It’s been quite a while since I posted my list of books to read before I’m 30, and I haven’t been particularly diligent about posting reviews for them, but I am still working my way through my list, in time for my thirtieth birthday. This post is a roundup of the books I’ve ticked off my list, along with a few thoughts about them. I was going to call it a classics reviews post, like one of the last times I did this, but not all of the books in this post are actually classics, so I went with an alternative title.
Oliver Twist – Charles Dickens
There was not enough singing in this book. Listening to the audiobook, I fully expected the narrator to break out into OomPahPah at any point. Never happened. Disappointing. Seriously, though, this is an excellent book. Thoroughly engrossing, and lots of depth that didn’t make it into the West End musical, but suffers from the same difficulty as other Dickens. You can really tell he was paid by the word. There is so much padding in this!
Jane Eyre – Charlotte Bronte
I thought I would hate this, for reasons that I think have something to do with my older sister having to study it in school, but actually I really liked this. Jane is a bit of a wimp sometimes, and she kind of just goes along with whatever someone tells her to do most of the time, but her love story with Mr Rochester was actually pretty sweet. Plus, every book I read that I associated with this genre – Wuthering Heights, Sense and Sensibility, Pride and Prejudice, Emma – every time I read one of those, I spent much of the book wondering if this was the one with the wife in the attic. And Jane Eyre actually *is* the one with the wife in the attic! How exciting!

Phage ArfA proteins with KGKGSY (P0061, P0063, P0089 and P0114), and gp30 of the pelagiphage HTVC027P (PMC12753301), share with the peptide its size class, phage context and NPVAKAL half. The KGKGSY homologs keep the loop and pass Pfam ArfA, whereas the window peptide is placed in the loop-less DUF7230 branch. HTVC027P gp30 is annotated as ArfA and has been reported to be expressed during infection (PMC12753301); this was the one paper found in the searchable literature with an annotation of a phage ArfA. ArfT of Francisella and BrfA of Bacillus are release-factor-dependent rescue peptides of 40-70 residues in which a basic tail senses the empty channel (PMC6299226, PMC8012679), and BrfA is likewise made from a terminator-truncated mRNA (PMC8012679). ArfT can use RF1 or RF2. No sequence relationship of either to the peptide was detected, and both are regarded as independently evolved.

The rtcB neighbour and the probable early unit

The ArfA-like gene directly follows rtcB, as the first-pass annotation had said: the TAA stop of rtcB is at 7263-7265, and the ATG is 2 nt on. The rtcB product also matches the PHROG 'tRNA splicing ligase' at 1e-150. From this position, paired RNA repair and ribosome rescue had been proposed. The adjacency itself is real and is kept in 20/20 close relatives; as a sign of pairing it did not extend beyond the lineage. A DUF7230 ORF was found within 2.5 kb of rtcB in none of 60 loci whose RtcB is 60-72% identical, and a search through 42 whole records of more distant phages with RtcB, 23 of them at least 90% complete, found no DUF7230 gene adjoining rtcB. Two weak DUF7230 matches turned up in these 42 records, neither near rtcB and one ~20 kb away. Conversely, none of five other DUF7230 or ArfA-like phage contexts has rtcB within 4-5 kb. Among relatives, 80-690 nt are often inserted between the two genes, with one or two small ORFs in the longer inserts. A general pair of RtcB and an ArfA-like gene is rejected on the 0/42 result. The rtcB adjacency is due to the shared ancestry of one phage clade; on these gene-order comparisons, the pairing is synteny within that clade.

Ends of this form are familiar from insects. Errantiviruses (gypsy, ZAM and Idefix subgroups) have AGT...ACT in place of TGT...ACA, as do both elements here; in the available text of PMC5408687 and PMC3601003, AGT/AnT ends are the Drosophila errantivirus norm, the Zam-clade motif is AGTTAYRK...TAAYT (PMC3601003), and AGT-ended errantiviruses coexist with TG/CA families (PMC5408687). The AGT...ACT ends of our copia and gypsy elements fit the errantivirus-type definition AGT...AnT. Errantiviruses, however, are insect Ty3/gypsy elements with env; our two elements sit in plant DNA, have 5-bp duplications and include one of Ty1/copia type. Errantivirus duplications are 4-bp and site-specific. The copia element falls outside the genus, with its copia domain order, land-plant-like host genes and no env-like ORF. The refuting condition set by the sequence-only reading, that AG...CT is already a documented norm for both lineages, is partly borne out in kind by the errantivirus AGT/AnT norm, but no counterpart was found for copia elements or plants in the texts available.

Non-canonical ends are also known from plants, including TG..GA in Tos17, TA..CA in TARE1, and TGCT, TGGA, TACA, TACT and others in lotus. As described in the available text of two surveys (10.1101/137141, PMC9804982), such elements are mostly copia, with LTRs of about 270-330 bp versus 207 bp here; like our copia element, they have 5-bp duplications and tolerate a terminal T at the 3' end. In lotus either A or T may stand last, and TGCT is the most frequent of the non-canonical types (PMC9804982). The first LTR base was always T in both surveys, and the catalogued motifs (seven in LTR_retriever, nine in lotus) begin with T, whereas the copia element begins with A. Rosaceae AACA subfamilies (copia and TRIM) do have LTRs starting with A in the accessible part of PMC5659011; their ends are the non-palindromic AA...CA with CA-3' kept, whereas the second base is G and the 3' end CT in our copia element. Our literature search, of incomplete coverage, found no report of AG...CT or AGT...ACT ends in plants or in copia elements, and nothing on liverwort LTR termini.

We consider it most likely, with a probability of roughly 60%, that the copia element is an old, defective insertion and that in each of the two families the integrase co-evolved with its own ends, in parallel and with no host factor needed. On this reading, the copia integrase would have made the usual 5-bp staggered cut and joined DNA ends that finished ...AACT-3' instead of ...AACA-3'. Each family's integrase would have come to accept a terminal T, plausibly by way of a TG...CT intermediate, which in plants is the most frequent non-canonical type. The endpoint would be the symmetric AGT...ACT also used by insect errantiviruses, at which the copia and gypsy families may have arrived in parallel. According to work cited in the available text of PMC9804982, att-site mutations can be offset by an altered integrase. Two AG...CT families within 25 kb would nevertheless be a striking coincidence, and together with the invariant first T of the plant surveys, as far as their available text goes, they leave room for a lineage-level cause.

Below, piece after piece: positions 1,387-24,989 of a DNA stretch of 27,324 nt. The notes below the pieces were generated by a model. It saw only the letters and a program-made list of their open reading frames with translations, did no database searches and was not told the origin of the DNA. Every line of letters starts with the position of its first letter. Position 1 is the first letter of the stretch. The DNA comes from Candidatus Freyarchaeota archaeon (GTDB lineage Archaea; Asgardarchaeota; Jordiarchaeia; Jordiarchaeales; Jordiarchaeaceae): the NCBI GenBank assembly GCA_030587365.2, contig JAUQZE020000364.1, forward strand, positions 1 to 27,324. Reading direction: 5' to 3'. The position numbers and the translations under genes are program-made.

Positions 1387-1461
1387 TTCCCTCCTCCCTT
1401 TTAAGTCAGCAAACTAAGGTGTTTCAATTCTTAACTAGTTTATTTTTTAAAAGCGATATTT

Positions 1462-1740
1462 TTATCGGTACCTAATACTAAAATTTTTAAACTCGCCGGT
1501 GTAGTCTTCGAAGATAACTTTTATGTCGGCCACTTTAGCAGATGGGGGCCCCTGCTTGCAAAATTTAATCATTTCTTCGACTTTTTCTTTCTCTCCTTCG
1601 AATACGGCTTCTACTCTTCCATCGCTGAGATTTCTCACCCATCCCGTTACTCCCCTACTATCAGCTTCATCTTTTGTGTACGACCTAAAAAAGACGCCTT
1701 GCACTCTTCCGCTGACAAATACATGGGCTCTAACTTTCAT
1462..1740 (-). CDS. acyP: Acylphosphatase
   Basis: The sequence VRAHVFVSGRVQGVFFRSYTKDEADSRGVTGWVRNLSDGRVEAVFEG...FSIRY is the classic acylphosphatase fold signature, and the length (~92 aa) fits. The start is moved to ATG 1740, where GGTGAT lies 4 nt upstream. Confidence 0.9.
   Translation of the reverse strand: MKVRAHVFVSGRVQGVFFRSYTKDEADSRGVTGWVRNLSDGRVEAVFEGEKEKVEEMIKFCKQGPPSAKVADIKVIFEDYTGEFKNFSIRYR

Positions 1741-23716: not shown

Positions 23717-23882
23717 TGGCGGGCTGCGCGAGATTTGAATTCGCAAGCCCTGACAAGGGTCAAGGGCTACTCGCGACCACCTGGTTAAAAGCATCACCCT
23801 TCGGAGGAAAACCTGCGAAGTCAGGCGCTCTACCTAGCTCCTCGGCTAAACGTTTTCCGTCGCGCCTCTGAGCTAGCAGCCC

The Sign of the Four/The Hound of the Baskervilles/The Valley of Fear – Arthur Conan Doyle
The task I set myself says The Adventures of Sherlock Holmes, but what I actually took from this was that I needed to read all of the Sherlock Holmes canon. I had actually already read all of the short stories and one of the novels, so I had only three novels to read to complete this, but still, it was a task worth undertaking. My main takeaway from having read these novels is wow, was Conan Doyle racist. Like, really, really racist.
VoF: Three Stars, HotB: Four Stars, SotF: Four Stars
The Adventures of Tom Sawyer – Mark Twain
This was really fun, and I can see why it’s an enduring classic. Obviously it’s steeped in problematic narratives, racism, slavery acceptance, sexism, classism, but once you look past those, it’s quite a fun children’s adventure story. My god, though, there’s a lot of death in this. Pretty gruesome death, in fact. I’m not sure I’d want a child to read this. Probably a source of nightmares.
Memoirs of a Geisha – Arthur Golden
I have some doubts about how well an American man can write about the Japanese cultural experience of geisha, but putting that aside, this was quite an enjoyable dive into the life of Sayuri. I can definitely see why it spent two years on the NYT bestseller list after its release, and why it was made into a film (which I have yet to watch, but is on my to-do list). That said, though, it was very slow to start. I must have picked up and put down this book at least six times over the last two years, before finally committing to read it. It’s interesting, yes, but not exactly a compelling plot. I have mixed feelings about it.
Gulliver’s Travels – Jonathan Swift
You know, for all the fame that this book has, nobody ever talks about the last two voyages that Gulliver goes on. Everyone knows about Gulliver in Lilliput, and many people know about Gulliver in Brobdingnag, but I had never even heard of the names of Laputa, Balnibarbi, Luggnagg, Glubbdubdrib and Japan, much less the Land of the Houyhnhnms. No, okay, that’s a lie, I’ve heard of Japan.
In any case, there was much more to this than I expected, and it’s oozing with Swift’s satirical take on human nature, judgement, government, misogyny, prejudice, and factions. But it’s kind of lacking in, uh… character? So I didn’t love it.
Cover art montages for these posts are somewhat lacking in excitement, since most of them are public domain and just have librivox or iBooks covers. Nonetheless! I’m including it anyway. Because I want to.